Facts About Corporal Punishment

It's important to educate yourself about the facts on corporal punishment.
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Corporal punishment encompasses all types of physical punishment, including spanking, slapping, pinching, pulling, twisting, and hitting with an object. It also may include forcing a child to consume unpleasant substances such as soap, hot sauce, or hot pepper.

Corporal punishment is a hot topic that is widely debated by parenting experts, psychologists, and parents. Fueled by news stories about child abuse, many of those opposed to corporal punishment question whether or not it should remain legal and what steps could be taken to reduce incidents of physical abuse to children.

In the United States, corporal punishment is legal on a federal level, but state laws vary on what types of physical punishments are allowed.

What Pediatricians Say

The American Academy of Pediatrics (AAP) has taken a firm stance against any type of corporal punishment. Its policy on corporal punishment, published in 2018, encourages parents and caregivers to use healthy forms of discipline when correcting their children and to refrain from using corporal punishment. Here is an excerpt from their policy.

The American Academy of Pediatrics recommends healthy forms of discipline, such as positive reinforcement of appropriate behaviors, limit setting, redirecting, and setting future expectations. The AAP recommends that parents do not use spanking, hitting, slapping, threatening, insulting, humiliating, or shaming.

The AAP recommends that parents, schools, and caregivers refrain from using any type of physical punishment with children, including spanking and paddling in schools. The AAP policy also indicates that corporal punishment is ineffective over the long-term and leads to negative outcomes.

Despite the AAP's position, paddling is still allowed in public schools in 19 U.S. states. Yet states with stricter laws regarding corporal punishment consider hitting children with a wooden paddle child abuse. A study conducted by the American Civil Liberties Union and Human Rights Watch in 2015 found that Black students and disabled students were paddled most often.

Many countries have banned any type of corporal punishment, including spanking. Sweden became the first country to ban corporal punishment in 1979. Since then, other countries such as Germany and Brazil also have made spanking children illegal.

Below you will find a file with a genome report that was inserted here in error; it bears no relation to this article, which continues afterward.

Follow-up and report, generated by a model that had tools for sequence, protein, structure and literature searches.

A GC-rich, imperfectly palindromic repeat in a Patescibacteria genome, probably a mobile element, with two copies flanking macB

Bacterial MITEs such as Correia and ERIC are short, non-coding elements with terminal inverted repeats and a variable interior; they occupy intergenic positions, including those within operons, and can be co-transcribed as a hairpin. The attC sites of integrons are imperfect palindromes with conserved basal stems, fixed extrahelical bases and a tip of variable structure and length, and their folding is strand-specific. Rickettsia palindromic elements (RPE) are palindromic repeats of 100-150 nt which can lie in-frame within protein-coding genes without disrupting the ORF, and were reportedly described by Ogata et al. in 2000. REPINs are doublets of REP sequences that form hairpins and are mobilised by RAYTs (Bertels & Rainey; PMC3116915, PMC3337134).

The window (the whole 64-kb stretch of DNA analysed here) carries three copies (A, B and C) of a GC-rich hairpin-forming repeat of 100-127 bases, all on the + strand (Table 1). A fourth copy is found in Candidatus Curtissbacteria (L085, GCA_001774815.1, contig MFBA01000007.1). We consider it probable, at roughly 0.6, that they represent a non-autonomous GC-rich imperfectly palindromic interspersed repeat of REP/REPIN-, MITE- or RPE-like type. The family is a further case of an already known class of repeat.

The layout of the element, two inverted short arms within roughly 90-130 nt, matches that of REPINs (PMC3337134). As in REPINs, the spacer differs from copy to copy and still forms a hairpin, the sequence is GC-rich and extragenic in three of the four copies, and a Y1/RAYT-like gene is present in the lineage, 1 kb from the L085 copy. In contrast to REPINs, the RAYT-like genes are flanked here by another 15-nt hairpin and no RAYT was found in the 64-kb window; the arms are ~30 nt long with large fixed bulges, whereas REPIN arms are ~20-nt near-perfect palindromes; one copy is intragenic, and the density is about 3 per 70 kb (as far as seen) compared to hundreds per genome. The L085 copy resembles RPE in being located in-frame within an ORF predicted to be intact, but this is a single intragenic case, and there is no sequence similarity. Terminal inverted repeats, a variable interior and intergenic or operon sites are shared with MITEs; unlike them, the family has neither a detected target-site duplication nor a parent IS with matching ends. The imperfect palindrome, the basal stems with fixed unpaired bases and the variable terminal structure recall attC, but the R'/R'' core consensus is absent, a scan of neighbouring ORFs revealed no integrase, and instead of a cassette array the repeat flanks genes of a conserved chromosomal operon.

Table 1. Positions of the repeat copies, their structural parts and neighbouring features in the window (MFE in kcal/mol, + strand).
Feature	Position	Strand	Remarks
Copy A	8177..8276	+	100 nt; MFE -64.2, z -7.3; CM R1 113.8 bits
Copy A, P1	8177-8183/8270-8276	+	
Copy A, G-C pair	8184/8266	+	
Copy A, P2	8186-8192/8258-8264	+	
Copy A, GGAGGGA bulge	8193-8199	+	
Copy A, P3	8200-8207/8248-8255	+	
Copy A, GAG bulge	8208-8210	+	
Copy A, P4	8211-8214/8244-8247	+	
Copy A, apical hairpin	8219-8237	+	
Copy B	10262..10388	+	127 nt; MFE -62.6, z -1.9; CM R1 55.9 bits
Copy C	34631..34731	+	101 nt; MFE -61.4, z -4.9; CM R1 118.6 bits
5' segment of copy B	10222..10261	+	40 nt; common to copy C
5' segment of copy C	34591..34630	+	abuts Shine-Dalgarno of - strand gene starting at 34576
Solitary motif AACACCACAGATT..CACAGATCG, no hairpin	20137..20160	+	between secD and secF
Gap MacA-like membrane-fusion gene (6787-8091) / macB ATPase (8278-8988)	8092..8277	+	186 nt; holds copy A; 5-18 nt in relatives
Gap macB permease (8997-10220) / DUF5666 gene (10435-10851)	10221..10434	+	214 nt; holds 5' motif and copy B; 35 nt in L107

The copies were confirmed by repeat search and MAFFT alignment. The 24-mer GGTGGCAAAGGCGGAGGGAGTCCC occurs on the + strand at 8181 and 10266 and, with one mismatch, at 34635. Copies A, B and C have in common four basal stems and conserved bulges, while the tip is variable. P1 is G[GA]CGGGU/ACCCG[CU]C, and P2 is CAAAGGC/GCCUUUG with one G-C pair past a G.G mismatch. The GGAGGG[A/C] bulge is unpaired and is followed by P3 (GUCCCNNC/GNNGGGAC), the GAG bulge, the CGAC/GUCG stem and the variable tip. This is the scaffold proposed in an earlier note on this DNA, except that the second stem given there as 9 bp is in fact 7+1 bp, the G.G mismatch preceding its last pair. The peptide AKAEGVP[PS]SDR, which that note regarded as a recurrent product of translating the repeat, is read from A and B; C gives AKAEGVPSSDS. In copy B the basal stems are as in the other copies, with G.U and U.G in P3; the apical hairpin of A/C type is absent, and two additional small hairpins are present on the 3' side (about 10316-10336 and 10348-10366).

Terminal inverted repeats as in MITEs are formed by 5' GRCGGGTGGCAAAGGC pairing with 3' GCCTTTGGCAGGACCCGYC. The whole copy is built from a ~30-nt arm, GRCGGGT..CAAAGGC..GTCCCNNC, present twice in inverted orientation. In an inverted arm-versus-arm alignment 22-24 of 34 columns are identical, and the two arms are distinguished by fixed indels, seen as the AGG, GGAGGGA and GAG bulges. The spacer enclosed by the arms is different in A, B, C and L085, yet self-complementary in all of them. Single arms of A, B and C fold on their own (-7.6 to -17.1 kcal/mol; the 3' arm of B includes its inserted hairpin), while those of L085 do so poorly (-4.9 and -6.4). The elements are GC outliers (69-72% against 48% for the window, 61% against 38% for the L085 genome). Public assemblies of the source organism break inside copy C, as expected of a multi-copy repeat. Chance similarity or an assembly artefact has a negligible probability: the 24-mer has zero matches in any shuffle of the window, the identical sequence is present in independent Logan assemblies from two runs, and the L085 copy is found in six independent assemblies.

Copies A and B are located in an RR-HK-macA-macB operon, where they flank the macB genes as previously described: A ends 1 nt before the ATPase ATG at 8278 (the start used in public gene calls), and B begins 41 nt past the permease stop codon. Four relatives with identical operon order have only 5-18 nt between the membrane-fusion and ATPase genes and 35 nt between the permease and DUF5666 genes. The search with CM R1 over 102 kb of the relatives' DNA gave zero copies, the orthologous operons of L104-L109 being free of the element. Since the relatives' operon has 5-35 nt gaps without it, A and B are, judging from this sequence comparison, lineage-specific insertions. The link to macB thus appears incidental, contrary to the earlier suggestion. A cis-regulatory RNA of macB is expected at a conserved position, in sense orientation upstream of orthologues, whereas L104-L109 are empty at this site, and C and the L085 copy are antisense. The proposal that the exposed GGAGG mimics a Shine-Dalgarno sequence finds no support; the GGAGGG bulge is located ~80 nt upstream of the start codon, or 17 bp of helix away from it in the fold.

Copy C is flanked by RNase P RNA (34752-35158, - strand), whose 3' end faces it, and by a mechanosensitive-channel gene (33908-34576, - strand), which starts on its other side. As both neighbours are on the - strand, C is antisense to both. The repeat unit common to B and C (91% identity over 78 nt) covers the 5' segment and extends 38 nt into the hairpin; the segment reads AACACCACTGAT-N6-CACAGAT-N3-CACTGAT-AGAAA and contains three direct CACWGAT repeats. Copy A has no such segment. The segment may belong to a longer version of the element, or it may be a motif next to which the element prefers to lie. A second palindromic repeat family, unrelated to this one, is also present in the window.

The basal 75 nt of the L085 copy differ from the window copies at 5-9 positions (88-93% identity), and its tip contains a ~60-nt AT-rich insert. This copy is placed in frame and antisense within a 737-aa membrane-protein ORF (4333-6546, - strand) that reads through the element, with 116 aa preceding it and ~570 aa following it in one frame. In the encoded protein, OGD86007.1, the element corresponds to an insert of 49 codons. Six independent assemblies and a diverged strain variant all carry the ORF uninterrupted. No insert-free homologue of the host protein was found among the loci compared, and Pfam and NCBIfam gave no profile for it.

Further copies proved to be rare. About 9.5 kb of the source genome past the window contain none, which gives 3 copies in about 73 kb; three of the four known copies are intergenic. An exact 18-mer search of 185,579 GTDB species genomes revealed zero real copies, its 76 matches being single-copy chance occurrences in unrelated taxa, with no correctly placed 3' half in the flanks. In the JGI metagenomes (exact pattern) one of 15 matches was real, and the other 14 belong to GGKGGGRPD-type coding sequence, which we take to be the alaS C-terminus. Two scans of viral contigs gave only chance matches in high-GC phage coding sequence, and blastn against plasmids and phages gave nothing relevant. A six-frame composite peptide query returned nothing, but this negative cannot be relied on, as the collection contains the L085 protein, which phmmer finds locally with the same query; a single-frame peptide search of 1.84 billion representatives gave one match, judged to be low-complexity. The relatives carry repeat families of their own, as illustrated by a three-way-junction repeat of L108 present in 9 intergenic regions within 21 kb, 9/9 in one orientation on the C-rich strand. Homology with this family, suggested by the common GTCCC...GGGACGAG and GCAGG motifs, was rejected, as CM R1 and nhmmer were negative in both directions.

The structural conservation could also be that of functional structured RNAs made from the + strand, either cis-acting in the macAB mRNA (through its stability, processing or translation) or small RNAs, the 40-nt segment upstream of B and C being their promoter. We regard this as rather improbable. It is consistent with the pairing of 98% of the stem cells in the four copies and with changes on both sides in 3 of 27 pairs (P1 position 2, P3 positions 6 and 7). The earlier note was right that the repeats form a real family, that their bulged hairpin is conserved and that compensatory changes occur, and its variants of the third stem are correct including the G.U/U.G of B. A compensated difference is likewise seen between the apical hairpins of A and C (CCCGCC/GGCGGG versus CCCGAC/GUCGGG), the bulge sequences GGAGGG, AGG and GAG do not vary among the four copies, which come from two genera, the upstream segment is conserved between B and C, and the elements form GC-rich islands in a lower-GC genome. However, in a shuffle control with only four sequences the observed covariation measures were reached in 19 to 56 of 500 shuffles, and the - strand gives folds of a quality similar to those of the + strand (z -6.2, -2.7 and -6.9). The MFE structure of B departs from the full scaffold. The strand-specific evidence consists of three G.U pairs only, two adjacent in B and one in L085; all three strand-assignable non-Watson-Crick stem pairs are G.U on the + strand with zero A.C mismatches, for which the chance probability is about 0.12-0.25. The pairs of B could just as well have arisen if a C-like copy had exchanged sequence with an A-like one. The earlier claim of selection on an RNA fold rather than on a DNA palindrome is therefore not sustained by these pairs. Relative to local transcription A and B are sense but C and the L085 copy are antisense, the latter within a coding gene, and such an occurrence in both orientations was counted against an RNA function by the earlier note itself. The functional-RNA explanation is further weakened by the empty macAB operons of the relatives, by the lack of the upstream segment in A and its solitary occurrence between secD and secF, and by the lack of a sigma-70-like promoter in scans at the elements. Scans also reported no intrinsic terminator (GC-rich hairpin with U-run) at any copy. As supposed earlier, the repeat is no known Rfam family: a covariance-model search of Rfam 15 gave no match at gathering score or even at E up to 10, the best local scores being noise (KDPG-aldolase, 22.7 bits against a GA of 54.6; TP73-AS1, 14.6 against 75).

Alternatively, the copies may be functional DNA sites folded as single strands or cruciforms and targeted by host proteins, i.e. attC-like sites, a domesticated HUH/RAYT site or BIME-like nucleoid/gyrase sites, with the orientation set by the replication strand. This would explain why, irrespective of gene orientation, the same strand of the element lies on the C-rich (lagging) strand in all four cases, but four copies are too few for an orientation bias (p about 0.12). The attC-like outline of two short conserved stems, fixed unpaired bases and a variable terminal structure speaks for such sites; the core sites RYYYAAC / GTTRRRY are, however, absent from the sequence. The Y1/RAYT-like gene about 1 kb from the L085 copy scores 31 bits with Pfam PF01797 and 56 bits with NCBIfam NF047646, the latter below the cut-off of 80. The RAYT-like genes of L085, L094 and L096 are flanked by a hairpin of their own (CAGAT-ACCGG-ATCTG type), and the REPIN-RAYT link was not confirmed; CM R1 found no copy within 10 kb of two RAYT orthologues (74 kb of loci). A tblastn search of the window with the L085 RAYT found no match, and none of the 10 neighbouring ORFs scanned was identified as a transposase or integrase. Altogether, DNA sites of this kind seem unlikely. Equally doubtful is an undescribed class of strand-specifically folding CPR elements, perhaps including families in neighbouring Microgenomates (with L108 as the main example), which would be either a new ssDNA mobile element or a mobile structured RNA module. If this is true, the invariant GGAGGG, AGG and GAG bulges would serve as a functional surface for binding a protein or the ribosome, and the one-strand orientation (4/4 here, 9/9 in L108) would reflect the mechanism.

In 2006, the Committee on the Rights of the Child released a statement declaring that corporal punishment is a form of violence that should be banned in all contexts. Other human rights organizations have issued similar warnings about spanking.


Teaching children acceptable behaviors, including how to make good choices and exercise self-control, is an integral part of child-rearing. But many parents rely on physical punishments to accomplish these goals.

These parents do not intend to harm their children when using corporal punishment; but instead, believe it is an effective discipline strategy. The issue is that corporal punishment is generally more harmful than it is helpful.

It Makes Behavior Worse

While corporal punishment may lead to immediate compliance, researchers have found that the changes in behavior may only be short-term. Studies consistently show that over the long term, corporal punishment is ineffective and may even cause behavior problems to worsen over time.

For instance, spanking children increases aggressive behavior. A multitude of research studies has found that kids who are spanked are more likely to hit other people.

The reason behind this is simple. Corporal punishment models aggressive behavior, which teaches children to solve problems with violence. It also can lead to bullying, dating violence, and other problem behaviors that rely on having power over someone else.

It Is Ineffective

Spanking is not any more effective than time-out. Research shows that spanking quickly loses effectiveness over time. When children are spanked, they don’t learn how to make better choices. And eventually, spanking stops being a deterrent. 

It Hurts Relationships

Spanking and other physical punishments damage the relationship between kids and their parents or caregivers. Trust, stability, safety, and security are the keys to helping children develop the skills they need to manage their behavior. Corporal punishment erodes that relationship.

It Is Linked to Mental Illness

Research has shown that children who are subjected to corporal punishment, such as spanking, pushing, grabbing, and paddling, are more likely to develop mental health disorders. One study reported that harsh physical punishment was associated with increased odds of mood disorders, anxiety disorders, substance abuse, and personality disorders.